Karen Gordon Mills, MBA 1977
Administrator, US Small Business Administration
Throughout her career, Karen Gordon Mills owned, managed, mentored, and invested in small and growing businesses of all descriptions. "For most of the eighties," recalls the unflappable mother of three and wife of a college president, "I was pregnant, walking through steel mills, and buying companies." Now working with small business owners on a national scale, she believes their job-producing sector is critical to rebuilding the US economy.
A hands-on leader who has met with business owners in 36 states in the two years since President Barack Obama appointed her to head the US Small Business Administration (SBA), Mills has had many poignant encounters with people she calls "the builders of the American dream." From a Gulf of Mexico shrimp fisherman who stayed in business with low-interest economic injury loans after the BP oil spill, to a Pennsylvania drill bit manufacturer whose SBA-financed technology was instrumental in rescuing the trapped Chilean miners, to a couple whose Arkansas saw mill was saved by an SBA loan when the credit crisis hit, small business owners inspire Mills daily with their determination, she says.
"The people we work with are tightly woven into the fabric of their communities," notes Mills, whose career has been influenced by her paternal grandfather, who came to the United States from Russia to build a textile business. "Half the workers in this country are employed in small businesses. We need to make sure they have the tools to grow their companies, create stable jobs, and move our economy forward."
Mills serves as the 23rd administrator of the SBA, an agency founded in 1953 that has delivered millions of loans, loan guarantees, contracts, counseling sessions, and other forms of assistance to small businesses. She leads a team of 3,000 employees who help small businesses across the country. The agency also employs 2,000 on-call staff who work on disaster relief. Along with a portfolio of more than $90 billion in loan guarantees, the SBA is responsible for ensuring that 23 percent of all government contracts are awarded to small businesses. "That's $100 billion dollars a year," she stresses.
Reflecting on her preparation for her current role, Mills says, "At MMP Group, I had the privilege of buying, owning, and advising businesses one at a time — investing in them in ways that would help them grow," she muses. "So when I walk into a small business today, I understand the issues very well."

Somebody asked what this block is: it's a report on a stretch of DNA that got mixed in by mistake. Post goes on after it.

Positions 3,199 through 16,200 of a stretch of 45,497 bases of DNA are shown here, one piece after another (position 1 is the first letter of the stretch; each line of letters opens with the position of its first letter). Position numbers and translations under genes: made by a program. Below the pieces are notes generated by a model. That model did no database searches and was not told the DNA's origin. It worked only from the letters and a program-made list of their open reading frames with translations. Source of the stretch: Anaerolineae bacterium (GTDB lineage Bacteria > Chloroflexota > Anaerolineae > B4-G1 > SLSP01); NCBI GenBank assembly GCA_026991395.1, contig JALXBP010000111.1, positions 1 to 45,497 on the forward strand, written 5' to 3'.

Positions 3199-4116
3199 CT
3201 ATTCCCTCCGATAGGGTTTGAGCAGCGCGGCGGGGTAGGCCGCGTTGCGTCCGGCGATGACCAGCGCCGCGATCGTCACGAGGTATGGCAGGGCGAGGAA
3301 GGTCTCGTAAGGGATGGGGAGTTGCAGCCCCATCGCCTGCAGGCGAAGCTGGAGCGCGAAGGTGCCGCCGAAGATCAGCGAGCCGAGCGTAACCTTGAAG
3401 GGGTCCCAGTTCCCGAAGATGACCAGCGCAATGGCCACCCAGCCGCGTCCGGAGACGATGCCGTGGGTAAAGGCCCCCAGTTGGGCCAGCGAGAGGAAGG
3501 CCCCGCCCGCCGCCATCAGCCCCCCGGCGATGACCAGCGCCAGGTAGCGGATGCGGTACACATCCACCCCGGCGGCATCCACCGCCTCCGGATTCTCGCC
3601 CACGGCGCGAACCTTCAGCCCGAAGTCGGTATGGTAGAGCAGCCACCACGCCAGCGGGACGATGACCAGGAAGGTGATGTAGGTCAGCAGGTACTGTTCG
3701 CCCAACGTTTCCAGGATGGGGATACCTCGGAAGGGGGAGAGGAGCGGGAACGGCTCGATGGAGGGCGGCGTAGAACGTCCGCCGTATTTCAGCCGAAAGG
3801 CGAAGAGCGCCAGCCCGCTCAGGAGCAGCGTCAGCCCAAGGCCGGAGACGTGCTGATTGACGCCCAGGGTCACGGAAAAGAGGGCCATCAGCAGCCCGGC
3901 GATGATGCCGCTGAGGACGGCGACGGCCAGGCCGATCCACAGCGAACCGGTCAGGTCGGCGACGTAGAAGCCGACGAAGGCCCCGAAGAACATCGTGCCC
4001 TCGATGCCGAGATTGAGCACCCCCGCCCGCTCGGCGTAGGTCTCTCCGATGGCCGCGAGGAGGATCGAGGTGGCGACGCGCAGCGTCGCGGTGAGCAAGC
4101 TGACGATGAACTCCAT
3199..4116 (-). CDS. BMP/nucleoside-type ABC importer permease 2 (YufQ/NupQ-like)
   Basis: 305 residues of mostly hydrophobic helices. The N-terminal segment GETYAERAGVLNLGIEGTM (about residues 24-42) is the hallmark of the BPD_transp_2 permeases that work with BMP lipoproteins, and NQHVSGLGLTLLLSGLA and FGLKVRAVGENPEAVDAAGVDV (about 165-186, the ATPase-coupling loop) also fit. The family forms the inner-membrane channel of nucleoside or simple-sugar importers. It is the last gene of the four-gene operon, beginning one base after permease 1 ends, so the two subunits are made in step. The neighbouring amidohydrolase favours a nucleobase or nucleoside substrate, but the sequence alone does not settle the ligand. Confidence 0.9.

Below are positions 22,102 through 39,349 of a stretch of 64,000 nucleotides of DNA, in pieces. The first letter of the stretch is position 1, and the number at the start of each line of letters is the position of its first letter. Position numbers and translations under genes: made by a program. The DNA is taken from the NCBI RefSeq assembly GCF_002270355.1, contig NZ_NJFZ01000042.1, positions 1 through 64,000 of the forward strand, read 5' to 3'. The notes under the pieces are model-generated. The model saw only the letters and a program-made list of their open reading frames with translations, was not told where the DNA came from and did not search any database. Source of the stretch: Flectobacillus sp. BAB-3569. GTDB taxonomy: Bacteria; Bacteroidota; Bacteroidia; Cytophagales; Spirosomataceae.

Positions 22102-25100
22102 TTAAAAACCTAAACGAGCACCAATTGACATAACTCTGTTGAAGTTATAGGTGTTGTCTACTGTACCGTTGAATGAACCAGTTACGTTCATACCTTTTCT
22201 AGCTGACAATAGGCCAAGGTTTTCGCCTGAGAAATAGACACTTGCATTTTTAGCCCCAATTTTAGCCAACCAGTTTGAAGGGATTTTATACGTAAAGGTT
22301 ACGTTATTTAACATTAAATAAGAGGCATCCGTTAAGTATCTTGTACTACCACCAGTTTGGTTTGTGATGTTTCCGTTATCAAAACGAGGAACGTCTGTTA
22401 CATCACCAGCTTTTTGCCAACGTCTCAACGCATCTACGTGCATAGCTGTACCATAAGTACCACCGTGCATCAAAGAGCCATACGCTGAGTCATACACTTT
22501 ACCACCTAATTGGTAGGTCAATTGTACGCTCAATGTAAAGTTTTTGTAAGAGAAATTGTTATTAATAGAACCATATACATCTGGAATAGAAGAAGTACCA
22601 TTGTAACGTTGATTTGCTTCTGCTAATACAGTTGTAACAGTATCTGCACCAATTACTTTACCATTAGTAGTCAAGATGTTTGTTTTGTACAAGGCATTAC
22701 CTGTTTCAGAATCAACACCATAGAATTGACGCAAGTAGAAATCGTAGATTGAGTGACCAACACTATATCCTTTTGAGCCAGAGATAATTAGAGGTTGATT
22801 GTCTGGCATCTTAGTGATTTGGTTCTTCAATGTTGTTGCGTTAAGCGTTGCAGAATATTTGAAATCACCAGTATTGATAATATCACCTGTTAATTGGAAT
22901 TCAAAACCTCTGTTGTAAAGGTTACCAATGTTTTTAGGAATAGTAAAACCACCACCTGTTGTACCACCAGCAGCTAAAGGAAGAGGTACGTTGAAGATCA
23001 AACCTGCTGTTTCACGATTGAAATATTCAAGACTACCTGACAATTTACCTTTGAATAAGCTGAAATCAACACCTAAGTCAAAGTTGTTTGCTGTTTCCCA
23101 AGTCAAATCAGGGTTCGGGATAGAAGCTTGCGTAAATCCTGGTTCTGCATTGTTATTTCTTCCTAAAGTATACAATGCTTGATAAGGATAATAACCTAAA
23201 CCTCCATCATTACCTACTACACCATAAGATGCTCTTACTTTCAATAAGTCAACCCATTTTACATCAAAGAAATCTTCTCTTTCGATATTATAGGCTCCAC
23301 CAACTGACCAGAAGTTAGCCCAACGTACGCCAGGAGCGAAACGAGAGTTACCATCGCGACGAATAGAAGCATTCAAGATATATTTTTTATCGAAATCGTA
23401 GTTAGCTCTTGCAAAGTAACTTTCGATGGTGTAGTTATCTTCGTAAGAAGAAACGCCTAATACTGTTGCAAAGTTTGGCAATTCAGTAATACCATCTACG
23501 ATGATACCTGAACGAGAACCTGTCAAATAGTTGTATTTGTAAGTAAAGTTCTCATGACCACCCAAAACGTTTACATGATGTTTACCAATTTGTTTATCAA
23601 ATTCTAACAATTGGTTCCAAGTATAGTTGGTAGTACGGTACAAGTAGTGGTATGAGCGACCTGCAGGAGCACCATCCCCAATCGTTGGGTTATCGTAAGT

Karen Gordon was born in Boston. Her father (Melvin Gordon, MBA 1943) ran a textile business before taking over Chicago-based Tootsie Roll Industries, which he continues to run jointly with her mother, Ellen Gordon. After graduating from Harvard with a degree in economics, business school was the natural next step. "When I started reading HBS cases about efficiency on the factory floor," she recalls, "I felt like I was back at the family dinner table." Her professional DNA includes a consulting role at McKinsey & Company, a stint at General Foods, and considerable venture capital experience.
Mills finds working in the public sector to be extremely rewarding and is deeply committed to helping small US manufacturers who operate in large corporate supply chains. "We cannot lose their expertise," she emphasizes. "If we do, we'll lose even more jobs to competitors abroad." By providing mentorship and financing that ranges from micro loans to help home-based businesses buy delivery trucks to sophisticated loans to build factories, she believes the SBA can stimulate "not just initial product creation, but production innovation, manufacturing innovation, and the process that turns US inventions into US jobs."
Mills's introduction to government service came while she was still working in New York but living in Brunswick, Maine, with her three sons and husband, Barry Mills, the president of Bowdoin College. In 2007, she was asked by Maine's then governor John Baldacci to put her venture capital skills to work developing new jobs to soften the economic impact of a local Navy base closure.
While she had no idea that entree would lead to working for the president and representing small business on Capitol Hill, saying yes to the challenge was in keeping with the increasingly nuanced career philosophy that Mills — who graduated from HBS at a time when women managers felt driven to follow the fast track to "having it all" — has come to embrace. "I've learned that the right next step might be an evolution, or it might be a new direction," she observes. "In the end, the best choices are those where you can succeed and help others to do the same."